Colpocephaly: what is it, causes, symptoms and treatment

There are multiple factors that can cause abnormalities in the formation of the brain during or after uterine development, such as contact with toxic substances or the inheritance of genetic mutations.

In this article we will describe the causes, symptoms and treatment of colpocephaly, A rare disorder of brain development.

    What is colpocephaly?

    Colpocephaly is a congenital morphological abnormality of the brain characterized by disproportionate size of the occipital spines of the lateral ventricles, The cavities through which cerebrospinal fluid circulates, which performs functions similar to those of the blood inside the skull. This can be due to different brain disorders.

    The term “colpocephaly” was coined in 1946 by neurologist Paul Ivan Yakovlev and neuropathologist Richard C. Wadsworth. The words “kephalos” and “kolpos” come from the Greek and can be translated respectively as “head” and “empty”. This disorder had been described 6 years earlier by Benda, who had given it the name of “vesiculocephaly”.

    Colpocephaly is part of the set of structural changes called “head disorders”. By definition, this category includes all abnormalities and lesions affecting the head and in particular the brain, such as anencephaly, lysencephaly, macrocephaly, microcephaly and schizencephaly.

    In any case, it is a very rare disease. Although there are no precise data on the prevalence of colpocephaly, between 1940, the year of its first description, and 2013, barely 50 cases had been identified in the medical literature.

    It is important to distinguish between colpocephaly and hydrocephalus, Which consists of a build-up of cerebrospinal fluid in the brain which causes symptoms resulting from increased cranial pressure. Cases of colpocephaly are often misdiagnosed as hydrocephalus, and treatment for this disorder can lead to signs of colpocephaly.

    Causes of this alteration

    The causes of colpocephaly are varied, although they always interfere with the development of the brain by giving the white matter (the set of fibers formed by the axons of neurons) a density lower than normal. This causes, while indicating, an altered functioning of the transmission of electrochemical impulses in the brain.

    Between the most common causes of colpocephaly we find the following:

    • Genetic defects such as trisomies on chromosomes 8 and 9
    • Recessive inheritance associated with the X chromosome
    • Alterations in the neuronal migration process
    • Contact with teratogenic agents during intrauterine development (eg, alcohol, corticosteroids)
    • Perinatal head trauma (eg, ischemic anoxia)
    • Hydrocephalus and sequelae of its treatment
    • Absence (agenesis) or incomplete development (dysgenesis) of the corpus callosum
    • Other disorders of the central nervous system and its development

    Main symptoms and signs

    The basic sign of colpocephaly is the disproportionate size of the occipital rods of the lateral ventricles compared to the rest of their sections. This indicates a reduction in the rate of brain development, or stopping it at an early stage.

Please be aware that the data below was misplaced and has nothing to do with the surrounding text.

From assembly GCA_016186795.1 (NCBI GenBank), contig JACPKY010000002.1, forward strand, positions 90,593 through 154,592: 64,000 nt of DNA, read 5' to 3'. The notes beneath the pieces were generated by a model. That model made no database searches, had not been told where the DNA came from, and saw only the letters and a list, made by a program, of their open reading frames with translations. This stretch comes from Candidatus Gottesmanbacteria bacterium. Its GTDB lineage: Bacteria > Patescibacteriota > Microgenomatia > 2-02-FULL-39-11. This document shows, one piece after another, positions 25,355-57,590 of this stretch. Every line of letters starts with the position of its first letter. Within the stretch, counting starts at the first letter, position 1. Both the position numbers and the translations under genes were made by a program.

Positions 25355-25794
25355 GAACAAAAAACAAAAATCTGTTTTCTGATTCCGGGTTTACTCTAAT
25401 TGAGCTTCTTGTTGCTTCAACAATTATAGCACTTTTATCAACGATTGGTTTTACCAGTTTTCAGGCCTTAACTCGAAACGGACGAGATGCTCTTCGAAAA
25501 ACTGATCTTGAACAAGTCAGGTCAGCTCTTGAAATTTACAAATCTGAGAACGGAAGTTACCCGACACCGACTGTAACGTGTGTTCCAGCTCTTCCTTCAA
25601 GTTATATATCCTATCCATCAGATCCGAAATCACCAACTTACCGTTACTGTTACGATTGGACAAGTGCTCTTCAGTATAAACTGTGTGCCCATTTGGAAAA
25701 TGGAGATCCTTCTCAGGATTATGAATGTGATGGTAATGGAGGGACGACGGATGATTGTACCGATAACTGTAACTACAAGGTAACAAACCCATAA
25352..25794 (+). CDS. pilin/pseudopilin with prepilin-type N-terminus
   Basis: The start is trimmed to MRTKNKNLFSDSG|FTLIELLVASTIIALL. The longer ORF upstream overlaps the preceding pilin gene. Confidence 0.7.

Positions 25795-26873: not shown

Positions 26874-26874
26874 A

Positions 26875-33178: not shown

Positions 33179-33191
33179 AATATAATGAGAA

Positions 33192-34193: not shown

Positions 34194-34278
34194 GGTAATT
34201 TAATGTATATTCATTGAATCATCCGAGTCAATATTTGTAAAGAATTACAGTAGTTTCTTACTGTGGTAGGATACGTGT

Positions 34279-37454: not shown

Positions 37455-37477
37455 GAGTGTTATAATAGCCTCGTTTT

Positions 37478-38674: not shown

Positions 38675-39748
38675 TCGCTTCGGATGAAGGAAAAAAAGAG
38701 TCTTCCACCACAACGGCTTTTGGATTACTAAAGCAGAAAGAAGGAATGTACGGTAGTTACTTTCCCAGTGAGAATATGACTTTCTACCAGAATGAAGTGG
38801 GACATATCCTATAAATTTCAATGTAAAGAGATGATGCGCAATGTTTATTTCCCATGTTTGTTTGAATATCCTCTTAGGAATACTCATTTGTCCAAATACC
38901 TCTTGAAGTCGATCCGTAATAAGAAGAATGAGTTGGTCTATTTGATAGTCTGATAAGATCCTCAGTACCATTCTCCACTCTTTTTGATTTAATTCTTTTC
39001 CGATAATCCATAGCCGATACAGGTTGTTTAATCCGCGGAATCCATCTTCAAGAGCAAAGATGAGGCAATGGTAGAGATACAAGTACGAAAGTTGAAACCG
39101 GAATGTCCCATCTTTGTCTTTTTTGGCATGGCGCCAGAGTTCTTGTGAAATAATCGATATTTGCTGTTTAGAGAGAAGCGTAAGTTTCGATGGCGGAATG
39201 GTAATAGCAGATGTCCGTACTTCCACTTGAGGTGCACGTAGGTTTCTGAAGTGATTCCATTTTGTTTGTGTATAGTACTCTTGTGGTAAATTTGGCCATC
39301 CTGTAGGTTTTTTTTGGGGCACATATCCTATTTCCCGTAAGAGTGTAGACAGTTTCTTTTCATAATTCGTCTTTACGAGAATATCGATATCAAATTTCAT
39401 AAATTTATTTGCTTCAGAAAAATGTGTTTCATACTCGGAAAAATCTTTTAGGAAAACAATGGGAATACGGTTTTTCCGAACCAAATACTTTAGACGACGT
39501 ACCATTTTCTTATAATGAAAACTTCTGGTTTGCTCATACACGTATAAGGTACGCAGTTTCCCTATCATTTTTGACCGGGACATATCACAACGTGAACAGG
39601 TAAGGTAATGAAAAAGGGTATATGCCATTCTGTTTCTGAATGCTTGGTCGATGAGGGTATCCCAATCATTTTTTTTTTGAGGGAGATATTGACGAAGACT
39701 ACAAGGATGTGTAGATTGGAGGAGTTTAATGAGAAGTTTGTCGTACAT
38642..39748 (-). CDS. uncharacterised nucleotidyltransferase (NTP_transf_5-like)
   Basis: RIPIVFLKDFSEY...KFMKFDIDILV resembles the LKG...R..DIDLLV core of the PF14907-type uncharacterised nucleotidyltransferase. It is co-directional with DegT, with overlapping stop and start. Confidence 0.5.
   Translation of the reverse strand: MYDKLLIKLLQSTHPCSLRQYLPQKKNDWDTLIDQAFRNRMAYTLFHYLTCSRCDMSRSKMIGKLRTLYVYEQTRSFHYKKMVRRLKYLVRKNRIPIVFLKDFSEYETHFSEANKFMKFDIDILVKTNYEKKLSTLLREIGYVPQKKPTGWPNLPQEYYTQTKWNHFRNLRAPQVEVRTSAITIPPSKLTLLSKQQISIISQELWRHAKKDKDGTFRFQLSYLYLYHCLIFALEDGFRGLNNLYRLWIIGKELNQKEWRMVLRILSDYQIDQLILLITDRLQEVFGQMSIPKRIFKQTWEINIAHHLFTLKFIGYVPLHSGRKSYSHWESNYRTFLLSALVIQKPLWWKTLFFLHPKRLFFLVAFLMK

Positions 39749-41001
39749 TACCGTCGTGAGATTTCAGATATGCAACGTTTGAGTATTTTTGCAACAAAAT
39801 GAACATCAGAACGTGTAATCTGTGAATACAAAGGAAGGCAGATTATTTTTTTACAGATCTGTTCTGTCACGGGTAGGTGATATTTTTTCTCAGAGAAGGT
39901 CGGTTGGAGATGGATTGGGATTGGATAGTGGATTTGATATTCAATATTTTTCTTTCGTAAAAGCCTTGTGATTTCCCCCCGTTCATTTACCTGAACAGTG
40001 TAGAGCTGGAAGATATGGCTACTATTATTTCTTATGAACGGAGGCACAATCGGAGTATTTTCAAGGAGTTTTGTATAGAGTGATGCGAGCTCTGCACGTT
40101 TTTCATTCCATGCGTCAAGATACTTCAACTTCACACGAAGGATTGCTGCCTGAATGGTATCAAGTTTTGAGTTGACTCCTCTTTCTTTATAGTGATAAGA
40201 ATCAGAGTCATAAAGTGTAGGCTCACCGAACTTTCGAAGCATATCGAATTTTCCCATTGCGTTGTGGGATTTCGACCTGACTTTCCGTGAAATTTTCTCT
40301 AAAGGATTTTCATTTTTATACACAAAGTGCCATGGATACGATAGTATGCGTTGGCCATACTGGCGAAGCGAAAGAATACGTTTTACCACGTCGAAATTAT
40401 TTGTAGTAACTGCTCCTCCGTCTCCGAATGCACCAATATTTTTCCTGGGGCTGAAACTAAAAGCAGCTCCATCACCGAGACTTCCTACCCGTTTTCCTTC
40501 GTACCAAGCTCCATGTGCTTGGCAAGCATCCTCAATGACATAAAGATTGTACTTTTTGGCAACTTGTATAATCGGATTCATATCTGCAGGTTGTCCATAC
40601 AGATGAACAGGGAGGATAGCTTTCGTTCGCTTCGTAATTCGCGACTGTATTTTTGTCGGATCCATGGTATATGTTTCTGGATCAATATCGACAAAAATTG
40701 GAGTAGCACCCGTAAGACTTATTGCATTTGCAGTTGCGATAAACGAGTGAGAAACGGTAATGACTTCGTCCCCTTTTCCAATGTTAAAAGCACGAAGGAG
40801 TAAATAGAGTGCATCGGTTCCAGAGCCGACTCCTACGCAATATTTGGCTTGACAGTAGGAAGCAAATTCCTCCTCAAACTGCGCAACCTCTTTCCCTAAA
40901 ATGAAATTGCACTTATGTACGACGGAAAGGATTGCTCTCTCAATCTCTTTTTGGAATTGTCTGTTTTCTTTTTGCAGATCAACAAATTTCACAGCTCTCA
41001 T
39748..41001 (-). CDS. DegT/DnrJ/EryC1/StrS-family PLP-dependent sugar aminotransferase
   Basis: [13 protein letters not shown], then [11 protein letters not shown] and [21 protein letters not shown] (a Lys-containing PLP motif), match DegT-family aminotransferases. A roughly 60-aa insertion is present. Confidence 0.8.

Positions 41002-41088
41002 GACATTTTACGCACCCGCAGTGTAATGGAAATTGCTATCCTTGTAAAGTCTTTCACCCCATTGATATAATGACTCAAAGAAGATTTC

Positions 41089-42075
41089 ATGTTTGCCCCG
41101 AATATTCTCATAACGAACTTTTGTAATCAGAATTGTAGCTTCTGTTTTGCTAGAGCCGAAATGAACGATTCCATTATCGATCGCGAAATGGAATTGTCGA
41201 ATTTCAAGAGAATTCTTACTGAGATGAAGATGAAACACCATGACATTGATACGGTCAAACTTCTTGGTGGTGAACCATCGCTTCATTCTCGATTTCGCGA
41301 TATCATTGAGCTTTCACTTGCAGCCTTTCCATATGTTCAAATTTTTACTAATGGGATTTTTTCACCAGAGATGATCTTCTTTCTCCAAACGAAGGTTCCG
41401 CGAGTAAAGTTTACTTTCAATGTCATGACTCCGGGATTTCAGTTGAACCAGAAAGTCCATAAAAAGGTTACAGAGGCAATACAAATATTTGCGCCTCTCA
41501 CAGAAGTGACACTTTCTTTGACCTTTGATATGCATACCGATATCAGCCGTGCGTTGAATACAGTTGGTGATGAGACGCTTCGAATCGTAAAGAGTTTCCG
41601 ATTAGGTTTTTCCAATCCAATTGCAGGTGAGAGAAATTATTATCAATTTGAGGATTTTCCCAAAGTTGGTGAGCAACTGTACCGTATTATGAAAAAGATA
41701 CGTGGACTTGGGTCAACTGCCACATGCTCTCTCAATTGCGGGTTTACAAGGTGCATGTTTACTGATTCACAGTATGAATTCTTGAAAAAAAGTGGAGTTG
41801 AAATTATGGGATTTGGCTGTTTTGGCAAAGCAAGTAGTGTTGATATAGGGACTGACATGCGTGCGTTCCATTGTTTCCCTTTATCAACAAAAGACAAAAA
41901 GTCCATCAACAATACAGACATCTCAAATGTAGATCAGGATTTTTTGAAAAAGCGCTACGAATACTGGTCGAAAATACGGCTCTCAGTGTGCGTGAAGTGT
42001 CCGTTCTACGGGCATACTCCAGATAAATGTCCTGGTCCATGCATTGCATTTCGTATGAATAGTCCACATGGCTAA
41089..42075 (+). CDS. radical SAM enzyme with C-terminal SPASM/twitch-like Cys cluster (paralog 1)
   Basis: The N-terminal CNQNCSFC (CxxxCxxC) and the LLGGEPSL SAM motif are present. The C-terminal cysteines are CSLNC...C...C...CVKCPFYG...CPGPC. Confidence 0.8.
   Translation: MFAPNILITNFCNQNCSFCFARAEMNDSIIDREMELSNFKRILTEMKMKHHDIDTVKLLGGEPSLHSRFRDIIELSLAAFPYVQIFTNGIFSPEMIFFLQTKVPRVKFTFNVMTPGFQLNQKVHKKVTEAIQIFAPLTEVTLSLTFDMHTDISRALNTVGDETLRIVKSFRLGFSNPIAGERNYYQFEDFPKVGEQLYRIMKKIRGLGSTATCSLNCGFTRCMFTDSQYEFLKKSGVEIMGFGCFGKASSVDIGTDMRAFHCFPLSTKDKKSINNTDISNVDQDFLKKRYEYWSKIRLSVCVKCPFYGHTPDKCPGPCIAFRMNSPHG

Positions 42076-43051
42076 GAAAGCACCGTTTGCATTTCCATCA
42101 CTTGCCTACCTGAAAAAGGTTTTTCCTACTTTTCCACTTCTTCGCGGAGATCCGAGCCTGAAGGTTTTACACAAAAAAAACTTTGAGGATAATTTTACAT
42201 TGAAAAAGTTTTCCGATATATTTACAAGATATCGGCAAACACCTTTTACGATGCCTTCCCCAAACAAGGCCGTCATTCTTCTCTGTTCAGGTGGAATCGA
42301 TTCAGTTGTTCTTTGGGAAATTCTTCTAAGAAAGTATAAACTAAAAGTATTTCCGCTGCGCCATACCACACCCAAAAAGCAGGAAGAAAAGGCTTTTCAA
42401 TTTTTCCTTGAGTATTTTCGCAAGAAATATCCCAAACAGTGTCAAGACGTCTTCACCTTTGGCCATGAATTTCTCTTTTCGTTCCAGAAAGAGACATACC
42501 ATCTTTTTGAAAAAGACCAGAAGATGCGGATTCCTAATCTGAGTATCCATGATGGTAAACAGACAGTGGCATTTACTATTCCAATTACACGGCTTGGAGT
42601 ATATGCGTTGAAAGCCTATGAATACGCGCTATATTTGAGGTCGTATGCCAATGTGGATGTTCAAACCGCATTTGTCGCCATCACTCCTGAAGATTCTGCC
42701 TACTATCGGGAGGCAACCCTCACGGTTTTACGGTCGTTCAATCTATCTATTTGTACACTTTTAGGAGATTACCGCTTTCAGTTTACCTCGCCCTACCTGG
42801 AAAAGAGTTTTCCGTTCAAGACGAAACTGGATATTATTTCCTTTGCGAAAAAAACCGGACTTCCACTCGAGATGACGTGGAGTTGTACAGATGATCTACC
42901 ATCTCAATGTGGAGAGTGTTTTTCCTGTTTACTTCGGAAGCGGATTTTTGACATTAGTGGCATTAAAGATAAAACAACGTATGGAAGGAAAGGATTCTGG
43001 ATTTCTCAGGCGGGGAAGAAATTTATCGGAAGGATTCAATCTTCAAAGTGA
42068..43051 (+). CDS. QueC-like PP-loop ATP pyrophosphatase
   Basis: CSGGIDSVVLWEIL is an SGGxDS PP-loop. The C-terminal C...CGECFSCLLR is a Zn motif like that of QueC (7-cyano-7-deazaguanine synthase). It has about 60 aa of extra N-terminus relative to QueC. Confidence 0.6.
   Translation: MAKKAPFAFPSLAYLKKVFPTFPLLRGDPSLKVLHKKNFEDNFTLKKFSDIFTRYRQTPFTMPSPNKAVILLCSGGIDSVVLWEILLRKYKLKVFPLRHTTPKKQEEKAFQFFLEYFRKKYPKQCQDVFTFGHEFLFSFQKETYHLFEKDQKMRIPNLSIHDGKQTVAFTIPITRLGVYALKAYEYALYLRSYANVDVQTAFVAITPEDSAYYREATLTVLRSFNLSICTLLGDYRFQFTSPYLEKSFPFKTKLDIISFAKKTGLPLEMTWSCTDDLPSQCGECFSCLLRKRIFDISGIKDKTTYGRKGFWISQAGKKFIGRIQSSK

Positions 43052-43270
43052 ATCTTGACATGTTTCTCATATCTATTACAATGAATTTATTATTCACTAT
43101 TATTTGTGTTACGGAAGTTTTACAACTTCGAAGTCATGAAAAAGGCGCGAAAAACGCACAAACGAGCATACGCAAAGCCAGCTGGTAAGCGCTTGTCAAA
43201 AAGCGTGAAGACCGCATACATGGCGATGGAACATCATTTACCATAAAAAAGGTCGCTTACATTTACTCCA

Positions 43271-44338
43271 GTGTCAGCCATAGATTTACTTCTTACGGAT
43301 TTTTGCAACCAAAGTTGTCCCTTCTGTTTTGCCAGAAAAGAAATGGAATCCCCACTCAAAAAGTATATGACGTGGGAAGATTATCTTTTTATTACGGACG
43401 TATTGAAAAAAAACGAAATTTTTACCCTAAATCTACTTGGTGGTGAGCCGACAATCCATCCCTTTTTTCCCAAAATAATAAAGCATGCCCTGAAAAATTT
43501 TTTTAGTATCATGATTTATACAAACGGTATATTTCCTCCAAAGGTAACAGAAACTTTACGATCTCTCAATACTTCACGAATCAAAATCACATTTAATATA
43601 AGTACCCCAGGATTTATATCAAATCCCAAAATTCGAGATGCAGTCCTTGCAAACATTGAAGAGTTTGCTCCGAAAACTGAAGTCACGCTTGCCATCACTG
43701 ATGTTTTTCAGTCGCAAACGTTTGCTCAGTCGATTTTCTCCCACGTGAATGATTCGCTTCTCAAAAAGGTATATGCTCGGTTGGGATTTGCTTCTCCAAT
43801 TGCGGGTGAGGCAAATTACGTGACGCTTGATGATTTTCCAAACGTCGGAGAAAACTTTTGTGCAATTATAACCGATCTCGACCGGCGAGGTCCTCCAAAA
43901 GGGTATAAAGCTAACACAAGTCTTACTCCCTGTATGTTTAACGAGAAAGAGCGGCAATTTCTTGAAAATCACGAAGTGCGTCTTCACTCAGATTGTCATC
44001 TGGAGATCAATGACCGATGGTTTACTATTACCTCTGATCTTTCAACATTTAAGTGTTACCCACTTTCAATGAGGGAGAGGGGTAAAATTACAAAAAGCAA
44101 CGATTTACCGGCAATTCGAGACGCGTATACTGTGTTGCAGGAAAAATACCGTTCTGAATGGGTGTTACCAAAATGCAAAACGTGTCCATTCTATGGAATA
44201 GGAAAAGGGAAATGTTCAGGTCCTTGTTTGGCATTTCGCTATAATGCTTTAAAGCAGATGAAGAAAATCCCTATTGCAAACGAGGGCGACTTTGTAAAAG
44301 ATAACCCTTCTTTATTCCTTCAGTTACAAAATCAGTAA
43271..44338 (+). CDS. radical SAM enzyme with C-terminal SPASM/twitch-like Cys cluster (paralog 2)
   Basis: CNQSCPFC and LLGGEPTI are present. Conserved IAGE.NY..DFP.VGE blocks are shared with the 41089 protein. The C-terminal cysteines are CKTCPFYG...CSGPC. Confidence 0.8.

Colpocephaly does not usually occur in isolation, but in general it occurs along with other disorders that affect the central nervous system, Especially in its development. These include microcephaly, lysencephaly, agenesis, dysgenesis and lipoma of the corpus callosum, schizencephaly, cerebellar atrophy, or Chiari malformations.

    Nervous disorders can cause a variety of symptoms and signs, including cognitive deficits, motor dysfunctions, the appearance of convulsions stand out and muscle spasms, speech disorders, and visual and hearing deficits. A frequently associated morphological abnormality is reduction in the size of the head (microcephaly).

    However, and since the severity of the morphological abnormalities that cause colpocephaly differs from case to case, this disorder sometimes has no symptoms or is relatively mild.

    Treatment of colpocephaly

    The prognosis for colpocephaly can vary widely depending on the severity of the underlying and associated brain disorders, as this anomaly is usually a sign of other disorders of greater clinical importance. The severity of most brain disorders depends on the degree to which neural development is affected.

    There is no specific treatment for colpocephaly, Since it is a structural disorder of the brain. Therapy therefore tends to be of the symptomatic type; thus, for example, anti-epileptic drugs are prescribed to prevent seizures and physical therapy is used to minimize muscle contractures and motor problems.

    Many are in progress research on brain development and in particular neurulation, Developmental process of the neural tube, from which the nervous system is formed. Better knowledge of the relevant genes and teratogenic factors should reduce the risk of colpocephaly in the general population.

    A particularly promising line of treatment is that concerning the use of stem cells; in particular, the possibility of using oligodendrocytes (a type of neuroglia) to improve the synthesis of myelin, which covers neuronal axons and accelerates neuronal transmission, is under investigation; this could relieve the symptoms of colpocephaly.

    Bibliographical references:

    • Benda, CE (1940). Microcephaly. American Journal of Psychiatry, 97: 1135-46.
    • Puvabanditsin, S., Garrow, E., Ostrerov, Y., Trucanu, D., Ilic, M. and Cholenkeril, JV (2006). Colpocephaly: case report. American Journal of Perinatology, 23 (5): 295-297.
    • Yakovlev, PI and Wadsworth, RC (1946). Schizencephaly: study of congenital cracks in the cerebral mantle: I. Fissures in the fused lips. Journal of Neuropathology and Experimental Neurology, 5: 116-130.

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